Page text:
Cupid & Psyche by HeadBoy
“Cupid don’t draw back your bow, Sam Cooke didn’t know what I know” •Jakob Dylan
It was a mythic day, long ago, when Psyche was a princess so beautiful that the goddess Venus became jealous. In her anger-blinded attempt at revenge, she instructs her son Cupid to make Psyche fall in love with a hideous monster, a mullet-wearing incarnation of evil; but instead Cupid falls in love with her himself.
He becomes her unseen husband, visiting her only at night. Brushing her long hair, kissing her supple neck, nibbling her and bringing her great joy and pleasure.
Psyche doesn’t listen to Cupid when he instructs her that she should never attempt to look directly at him, and when she does she loses him. She is heartbroken, love struck and alone. She must have him back, no matter what.
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Psyche’s search leads her back to Venus, a now-bitter goddess who blames Psyche for the loss of her son, the noble Cupid.
Psyche pleads with Venus, to no avail…
“Please tell me where he is.”
“No, you are not worthy.”
“Then let me prove myself worthy, I’ll do anything you ask.”
“Anything?” Venus said, possibilities racing through her mind.
“Anything you command.”
Venus raises her hand, and Psyche’s long, luscious hair disappears, leaving her bald. “Then let him see you like this,” Venus said, cackling in a goddess of thunder voice.
Venus then laid out a series of tasks, each more difficult, and more unpleasant, than the one before. Cupid, still invisible, is forced to sit at his Mother’s side and watch. Watch as Psyche battles a beast. Watch as she pushes a pebble across a beach, without leaving a trail. Watch as she battles a sea beast with more tentacles than a dozen squid. Watch as she sleeps, and has nightmares of her head being rid of its hair, over and over again. Watch as she wrestles the wind. Watch as she weeps for her now-gone hair. Cupid can watch no longer, he looks to his Mother and pleads with her:
“Mother,” Cupid begs, “I cannot stand by any longer and watch… hasn’t she proven herself yet?”
“You mean you still love her, as she is right now: bald, filthy and broken?”
“She is not broken Mother, she has true love in her heart. Nothing can break that.” Venus cast Cupid in chains, and sent him to Hades, god of the underworld to serve while Psyche proved herself worthy.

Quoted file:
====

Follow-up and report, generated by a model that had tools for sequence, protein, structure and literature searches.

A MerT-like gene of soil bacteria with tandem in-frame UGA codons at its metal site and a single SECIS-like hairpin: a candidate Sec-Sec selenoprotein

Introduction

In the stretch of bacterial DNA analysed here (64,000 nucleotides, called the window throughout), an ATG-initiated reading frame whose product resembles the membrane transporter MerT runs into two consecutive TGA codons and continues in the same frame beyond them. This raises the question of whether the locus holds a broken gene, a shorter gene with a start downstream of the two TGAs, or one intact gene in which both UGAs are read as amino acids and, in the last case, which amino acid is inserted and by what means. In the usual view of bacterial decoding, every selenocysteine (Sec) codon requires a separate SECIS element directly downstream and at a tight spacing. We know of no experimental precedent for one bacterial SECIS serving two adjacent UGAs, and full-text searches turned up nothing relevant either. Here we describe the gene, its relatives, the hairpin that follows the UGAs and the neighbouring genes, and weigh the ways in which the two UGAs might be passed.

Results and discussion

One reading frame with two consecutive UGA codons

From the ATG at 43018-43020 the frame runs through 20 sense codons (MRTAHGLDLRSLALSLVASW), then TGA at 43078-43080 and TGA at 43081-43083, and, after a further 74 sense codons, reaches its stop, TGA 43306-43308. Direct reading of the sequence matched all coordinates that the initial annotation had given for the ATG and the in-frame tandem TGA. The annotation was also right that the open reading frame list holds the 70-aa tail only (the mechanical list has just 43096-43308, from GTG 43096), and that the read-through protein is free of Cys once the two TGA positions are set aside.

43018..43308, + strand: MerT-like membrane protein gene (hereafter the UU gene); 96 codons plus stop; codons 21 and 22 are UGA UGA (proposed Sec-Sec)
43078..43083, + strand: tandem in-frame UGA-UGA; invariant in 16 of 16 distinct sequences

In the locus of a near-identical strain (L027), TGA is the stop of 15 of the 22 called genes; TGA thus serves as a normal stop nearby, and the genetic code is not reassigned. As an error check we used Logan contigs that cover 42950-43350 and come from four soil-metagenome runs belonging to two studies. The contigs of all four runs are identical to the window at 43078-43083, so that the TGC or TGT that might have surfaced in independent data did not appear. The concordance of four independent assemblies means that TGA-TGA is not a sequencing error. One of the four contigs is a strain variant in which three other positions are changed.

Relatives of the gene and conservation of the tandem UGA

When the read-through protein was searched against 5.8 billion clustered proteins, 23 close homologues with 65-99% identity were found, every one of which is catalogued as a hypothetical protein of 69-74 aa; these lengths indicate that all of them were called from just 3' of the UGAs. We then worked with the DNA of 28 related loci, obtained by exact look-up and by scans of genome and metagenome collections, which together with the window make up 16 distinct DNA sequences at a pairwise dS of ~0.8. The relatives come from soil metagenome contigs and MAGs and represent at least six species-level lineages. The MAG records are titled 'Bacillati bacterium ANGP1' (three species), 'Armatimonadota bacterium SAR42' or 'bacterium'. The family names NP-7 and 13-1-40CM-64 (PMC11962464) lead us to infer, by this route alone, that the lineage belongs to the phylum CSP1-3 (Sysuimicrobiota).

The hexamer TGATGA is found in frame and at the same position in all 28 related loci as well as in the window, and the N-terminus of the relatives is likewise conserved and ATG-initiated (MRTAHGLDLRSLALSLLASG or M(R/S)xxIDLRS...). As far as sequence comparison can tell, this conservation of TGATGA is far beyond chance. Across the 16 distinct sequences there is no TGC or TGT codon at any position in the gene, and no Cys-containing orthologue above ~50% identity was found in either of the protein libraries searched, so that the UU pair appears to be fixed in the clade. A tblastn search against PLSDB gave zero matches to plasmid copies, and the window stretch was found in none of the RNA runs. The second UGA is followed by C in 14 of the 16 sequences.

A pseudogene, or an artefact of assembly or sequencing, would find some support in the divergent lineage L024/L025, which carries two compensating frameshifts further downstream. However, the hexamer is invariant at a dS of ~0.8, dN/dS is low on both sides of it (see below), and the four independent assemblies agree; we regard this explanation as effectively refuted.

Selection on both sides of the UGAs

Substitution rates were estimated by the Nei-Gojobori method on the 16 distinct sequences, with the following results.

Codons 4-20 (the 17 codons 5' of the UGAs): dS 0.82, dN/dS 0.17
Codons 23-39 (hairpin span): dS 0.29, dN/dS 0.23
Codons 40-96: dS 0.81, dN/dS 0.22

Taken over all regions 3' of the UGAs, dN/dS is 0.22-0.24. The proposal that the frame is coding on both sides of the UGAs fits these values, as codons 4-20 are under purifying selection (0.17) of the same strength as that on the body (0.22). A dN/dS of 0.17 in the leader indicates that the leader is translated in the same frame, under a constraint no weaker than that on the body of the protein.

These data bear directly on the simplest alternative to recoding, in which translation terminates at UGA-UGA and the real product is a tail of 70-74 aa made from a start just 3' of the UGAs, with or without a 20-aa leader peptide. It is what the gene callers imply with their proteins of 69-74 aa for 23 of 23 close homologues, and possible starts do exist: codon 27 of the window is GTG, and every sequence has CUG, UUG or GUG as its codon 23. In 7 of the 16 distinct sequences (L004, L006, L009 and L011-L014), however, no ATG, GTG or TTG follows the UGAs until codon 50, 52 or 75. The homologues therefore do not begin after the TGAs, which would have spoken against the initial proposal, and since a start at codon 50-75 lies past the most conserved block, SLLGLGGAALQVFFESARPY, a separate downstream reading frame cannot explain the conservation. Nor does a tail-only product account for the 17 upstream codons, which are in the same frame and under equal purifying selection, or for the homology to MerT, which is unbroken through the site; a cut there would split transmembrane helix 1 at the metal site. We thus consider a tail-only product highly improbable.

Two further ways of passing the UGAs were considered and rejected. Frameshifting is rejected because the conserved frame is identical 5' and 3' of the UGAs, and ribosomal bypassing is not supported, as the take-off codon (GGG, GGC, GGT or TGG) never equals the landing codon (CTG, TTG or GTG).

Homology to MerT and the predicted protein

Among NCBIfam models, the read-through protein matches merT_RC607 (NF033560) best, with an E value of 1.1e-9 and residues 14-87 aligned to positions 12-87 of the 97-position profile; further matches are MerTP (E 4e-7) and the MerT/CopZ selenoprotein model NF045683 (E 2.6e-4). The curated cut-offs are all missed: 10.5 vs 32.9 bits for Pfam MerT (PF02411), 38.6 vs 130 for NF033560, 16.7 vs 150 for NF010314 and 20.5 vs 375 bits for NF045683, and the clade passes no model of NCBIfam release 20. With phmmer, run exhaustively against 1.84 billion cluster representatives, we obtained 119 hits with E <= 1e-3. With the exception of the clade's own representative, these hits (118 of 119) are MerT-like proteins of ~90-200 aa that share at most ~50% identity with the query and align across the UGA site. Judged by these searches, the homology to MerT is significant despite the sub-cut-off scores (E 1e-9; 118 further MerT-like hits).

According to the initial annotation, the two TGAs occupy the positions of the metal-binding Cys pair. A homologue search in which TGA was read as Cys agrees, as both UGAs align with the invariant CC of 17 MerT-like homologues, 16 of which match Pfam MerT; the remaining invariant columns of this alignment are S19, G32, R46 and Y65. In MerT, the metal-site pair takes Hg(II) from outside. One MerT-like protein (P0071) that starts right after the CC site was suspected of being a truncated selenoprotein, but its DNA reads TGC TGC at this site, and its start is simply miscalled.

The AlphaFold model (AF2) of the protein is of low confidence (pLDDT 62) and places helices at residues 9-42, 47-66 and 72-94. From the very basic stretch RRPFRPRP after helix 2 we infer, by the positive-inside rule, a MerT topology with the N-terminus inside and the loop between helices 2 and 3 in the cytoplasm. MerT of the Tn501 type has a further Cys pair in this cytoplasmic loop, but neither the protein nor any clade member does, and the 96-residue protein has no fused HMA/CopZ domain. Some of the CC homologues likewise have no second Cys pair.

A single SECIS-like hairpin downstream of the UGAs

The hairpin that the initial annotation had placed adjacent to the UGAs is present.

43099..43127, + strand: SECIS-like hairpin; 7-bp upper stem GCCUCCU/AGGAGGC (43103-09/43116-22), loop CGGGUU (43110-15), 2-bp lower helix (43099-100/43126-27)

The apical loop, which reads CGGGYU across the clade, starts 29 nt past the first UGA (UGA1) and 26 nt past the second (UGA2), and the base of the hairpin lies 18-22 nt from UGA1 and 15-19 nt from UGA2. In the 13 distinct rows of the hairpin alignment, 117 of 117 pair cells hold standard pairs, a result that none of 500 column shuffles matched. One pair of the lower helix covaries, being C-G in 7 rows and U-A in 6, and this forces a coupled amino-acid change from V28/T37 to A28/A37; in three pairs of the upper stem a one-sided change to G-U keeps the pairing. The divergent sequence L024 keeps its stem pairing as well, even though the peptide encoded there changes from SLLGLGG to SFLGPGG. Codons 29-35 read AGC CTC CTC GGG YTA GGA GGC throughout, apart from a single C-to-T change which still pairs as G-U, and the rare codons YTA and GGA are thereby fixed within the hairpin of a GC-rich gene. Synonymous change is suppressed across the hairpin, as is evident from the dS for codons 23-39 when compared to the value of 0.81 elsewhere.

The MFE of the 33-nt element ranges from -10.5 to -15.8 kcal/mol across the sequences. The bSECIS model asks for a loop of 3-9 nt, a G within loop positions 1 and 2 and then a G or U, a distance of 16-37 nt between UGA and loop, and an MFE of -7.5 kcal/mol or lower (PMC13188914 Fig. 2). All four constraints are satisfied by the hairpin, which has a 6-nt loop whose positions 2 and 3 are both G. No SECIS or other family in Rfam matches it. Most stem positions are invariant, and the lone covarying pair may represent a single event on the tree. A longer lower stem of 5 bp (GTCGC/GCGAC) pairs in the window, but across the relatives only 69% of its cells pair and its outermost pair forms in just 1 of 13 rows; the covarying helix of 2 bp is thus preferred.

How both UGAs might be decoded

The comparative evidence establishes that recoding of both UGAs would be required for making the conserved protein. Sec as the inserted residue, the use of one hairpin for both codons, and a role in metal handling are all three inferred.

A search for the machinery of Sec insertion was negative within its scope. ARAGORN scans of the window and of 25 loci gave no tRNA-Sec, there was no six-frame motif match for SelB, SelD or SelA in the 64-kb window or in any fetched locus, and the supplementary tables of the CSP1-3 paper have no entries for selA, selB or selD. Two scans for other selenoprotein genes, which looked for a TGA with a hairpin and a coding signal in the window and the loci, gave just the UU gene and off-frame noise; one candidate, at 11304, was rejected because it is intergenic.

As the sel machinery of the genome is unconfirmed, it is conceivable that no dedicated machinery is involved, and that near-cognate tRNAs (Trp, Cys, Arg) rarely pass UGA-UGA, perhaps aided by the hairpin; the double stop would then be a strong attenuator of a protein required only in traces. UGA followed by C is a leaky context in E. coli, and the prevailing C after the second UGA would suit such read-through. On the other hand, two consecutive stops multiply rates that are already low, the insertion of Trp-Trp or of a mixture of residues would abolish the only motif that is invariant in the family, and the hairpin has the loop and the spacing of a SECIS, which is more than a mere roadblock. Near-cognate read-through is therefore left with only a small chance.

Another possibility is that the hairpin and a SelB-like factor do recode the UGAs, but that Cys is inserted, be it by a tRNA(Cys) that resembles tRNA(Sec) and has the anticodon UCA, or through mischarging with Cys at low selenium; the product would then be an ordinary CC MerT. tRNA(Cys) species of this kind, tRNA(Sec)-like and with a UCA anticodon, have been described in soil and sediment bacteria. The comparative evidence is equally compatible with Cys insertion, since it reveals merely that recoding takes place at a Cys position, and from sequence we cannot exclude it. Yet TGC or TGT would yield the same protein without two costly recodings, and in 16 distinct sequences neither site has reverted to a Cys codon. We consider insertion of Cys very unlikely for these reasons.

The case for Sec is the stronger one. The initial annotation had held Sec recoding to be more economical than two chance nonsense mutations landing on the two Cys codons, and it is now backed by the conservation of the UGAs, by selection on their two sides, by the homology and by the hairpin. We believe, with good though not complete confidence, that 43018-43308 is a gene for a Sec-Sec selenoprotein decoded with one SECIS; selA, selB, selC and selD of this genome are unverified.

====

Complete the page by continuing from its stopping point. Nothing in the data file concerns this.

Cupid looked up from the underworld, and saw Psyche stop in one of her arduous tasks and help a lost girl find her way home. As the lost girl ran into the arms of her relieved parents, Psyche mumbled, “Wherever you are, my Cupid, I love you and will never stop searching for you.”
Hades saw her kindness, and his evil heart melted.
“She really is a beautiful woman, my friend.” Hades smiled, for the first time, and the last.
“Yes, and she has endured much,” said Cupid.
“Then go to her,” Hades said, releasing Cupid from bondage, and into the arms of his beloved Psyche.
Her caressed her bruised shoulders and kissed her naked skull. They didn’t speak for days, instead they embraced and kissed, and thought of nothing but each other.
From the top of Mount Olympus, Venus sat, stewing.
“Fine,” she said, still wracked with hatred for her son’s love. “Then let her stay bald, forever, and let my son spend eternity leading women down the path his wife chose.” Venus cursed Psyche with the eternal dream of sitting each night in her dream, and letting Venus shave her head. Each night, she would stand afterward, thank Venus and look into the nearby lake. The shock was the same each night. The moon would glisten off of her naked scalp, her ears would appear to be sticking out too far. Her heart would shuffle into her throat and then fall to her feet. She’d wake in a cold sweat, and look over at her lover Cupid. She would smile then, and fall back to sleep to repeat the dream.
Psyche took Cupid to her home, where her Father the King ruled. He was elated to see his daughter return. Elated with her return, and shocked by her shorn head.